Integrated Design: Key Takeaways from the 2019 Innovation Summit

Clark Ellis, Continuum Advisory Group and Scott Reichensburger, MiTek talked about the opportunities and challenges of implementing Building Information Modeling (BIM) at the 2019 Innovation Summit.

BIM is an entirely new approach to construction in which the builder starts by creating a model of the home (or homes). The model consists of a database that includes as much or as little information as the builder wants: cost, schedule, engineering, sales and so on.

A good way to think of this is as “model-based construction,” because everything ultimately revolves around the model. For instance the construction drawings become an electronic interface that links to the underlying databases. This has huge implications for how the builder does business.

The presenters offered the beginning of a roadmap for builders who want to go down this path.


  1. Understand what BIM is.
    It’s not a technology per se; instead, it’s a new way of doing business that’s enabled by technology. Done right, it will transform every part of the builder’s business including, construction, marketing warranty design and engineering, regardless of whether those functions are done in-house or by subcontractors.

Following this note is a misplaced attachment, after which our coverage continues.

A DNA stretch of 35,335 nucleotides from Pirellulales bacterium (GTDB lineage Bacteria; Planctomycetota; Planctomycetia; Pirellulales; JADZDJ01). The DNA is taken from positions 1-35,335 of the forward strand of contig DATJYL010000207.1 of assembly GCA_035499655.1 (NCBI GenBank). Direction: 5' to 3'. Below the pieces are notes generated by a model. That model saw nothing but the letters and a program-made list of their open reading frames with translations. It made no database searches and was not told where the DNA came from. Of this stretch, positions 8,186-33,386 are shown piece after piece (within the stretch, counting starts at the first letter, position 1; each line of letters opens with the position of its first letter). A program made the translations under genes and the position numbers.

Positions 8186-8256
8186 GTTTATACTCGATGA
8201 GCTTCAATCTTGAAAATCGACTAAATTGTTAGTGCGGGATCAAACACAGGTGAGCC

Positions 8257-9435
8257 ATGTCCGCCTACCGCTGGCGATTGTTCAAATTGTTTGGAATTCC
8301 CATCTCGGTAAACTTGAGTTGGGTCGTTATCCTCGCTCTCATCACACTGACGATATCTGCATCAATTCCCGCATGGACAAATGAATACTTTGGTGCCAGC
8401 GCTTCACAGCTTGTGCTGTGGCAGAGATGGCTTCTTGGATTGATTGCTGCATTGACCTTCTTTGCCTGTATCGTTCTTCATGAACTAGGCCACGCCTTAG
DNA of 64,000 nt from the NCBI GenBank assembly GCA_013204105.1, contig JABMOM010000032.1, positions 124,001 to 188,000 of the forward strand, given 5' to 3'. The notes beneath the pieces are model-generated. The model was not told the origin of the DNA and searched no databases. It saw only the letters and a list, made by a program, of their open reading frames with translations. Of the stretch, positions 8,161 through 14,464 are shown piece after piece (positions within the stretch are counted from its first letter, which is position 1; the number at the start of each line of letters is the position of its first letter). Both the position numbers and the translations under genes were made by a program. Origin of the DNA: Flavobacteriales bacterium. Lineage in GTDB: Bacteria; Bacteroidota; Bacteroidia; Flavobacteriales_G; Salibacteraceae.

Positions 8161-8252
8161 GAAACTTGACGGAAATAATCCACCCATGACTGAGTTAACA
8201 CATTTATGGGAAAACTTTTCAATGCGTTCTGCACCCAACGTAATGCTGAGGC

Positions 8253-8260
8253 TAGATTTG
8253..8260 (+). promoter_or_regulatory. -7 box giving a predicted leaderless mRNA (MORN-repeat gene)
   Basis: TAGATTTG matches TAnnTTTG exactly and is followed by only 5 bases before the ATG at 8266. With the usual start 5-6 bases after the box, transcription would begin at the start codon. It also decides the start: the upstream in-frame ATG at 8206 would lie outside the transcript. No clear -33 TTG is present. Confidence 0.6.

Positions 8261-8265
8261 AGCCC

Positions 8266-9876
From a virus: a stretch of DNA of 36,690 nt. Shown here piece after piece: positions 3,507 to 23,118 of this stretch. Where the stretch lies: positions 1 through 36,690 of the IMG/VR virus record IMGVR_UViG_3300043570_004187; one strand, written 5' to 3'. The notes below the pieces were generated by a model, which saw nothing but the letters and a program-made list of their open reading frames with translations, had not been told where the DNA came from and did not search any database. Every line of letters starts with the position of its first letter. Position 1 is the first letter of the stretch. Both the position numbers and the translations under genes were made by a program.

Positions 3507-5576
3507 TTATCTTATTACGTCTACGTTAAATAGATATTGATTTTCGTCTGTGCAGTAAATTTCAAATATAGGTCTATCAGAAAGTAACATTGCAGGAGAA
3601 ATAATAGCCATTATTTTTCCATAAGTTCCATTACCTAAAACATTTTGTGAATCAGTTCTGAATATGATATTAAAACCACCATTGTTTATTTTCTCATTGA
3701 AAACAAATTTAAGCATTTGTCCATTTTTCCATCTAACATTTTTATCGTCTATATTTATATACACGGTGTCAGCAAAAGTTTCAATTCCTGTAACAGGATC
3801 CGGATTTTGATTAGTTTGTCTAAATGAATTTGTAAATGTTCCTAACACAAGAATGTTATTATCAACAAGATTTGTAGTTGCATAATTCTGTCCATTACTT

2. Know your WHY.
    The reason you’re doing this is more important than what you’re doing. What do you hope to gain from transitioning to a model-based approach?
    Potential benefits include a more productive workforce, more accurate prices and schedules, better customer engagement, and better ability to recruit young managers. But getting there is a marathon that can take a couple of years. Make sure you have a clear understanding of exactly what benefits are important to your company.
    Understanding your why will also help you decide where to start. BIM doesn’t have to be swallowed in one bite. For instance, if the customer experience is your priority you can set a goal of having virtual reality presentations available at the sales center, based on the BIM model, by an agreed on date.
  3. It starts at the top.
    The implementation process can be disruptive. Thus the decision has to come from the top of the organization. Leaders need to drive and need to stay involved for the duration.
  4. You will need agility.
    The transition to a model-based approach will impact every task in the sales, design and construction process. Not only does the difficulty of this transition, as well as the exact ways things will change, differ from company to company, but priorities will likely shift as the project moves forward. Getting to the finish line requires a willingness to adapt and to get regular input from all parts of the company.

The bottom line is that the companies most likely to succeed at this are those with a strong commitment as well as a culture of agility and collaboration. Any builder seriously looking at BIM should address those cultural issues first.

Further Reading

Will economic uncertainty leave construction tech in limbo? | Construction Dive | 03.06.19

BIM and Beyond | Builder | 08.20.18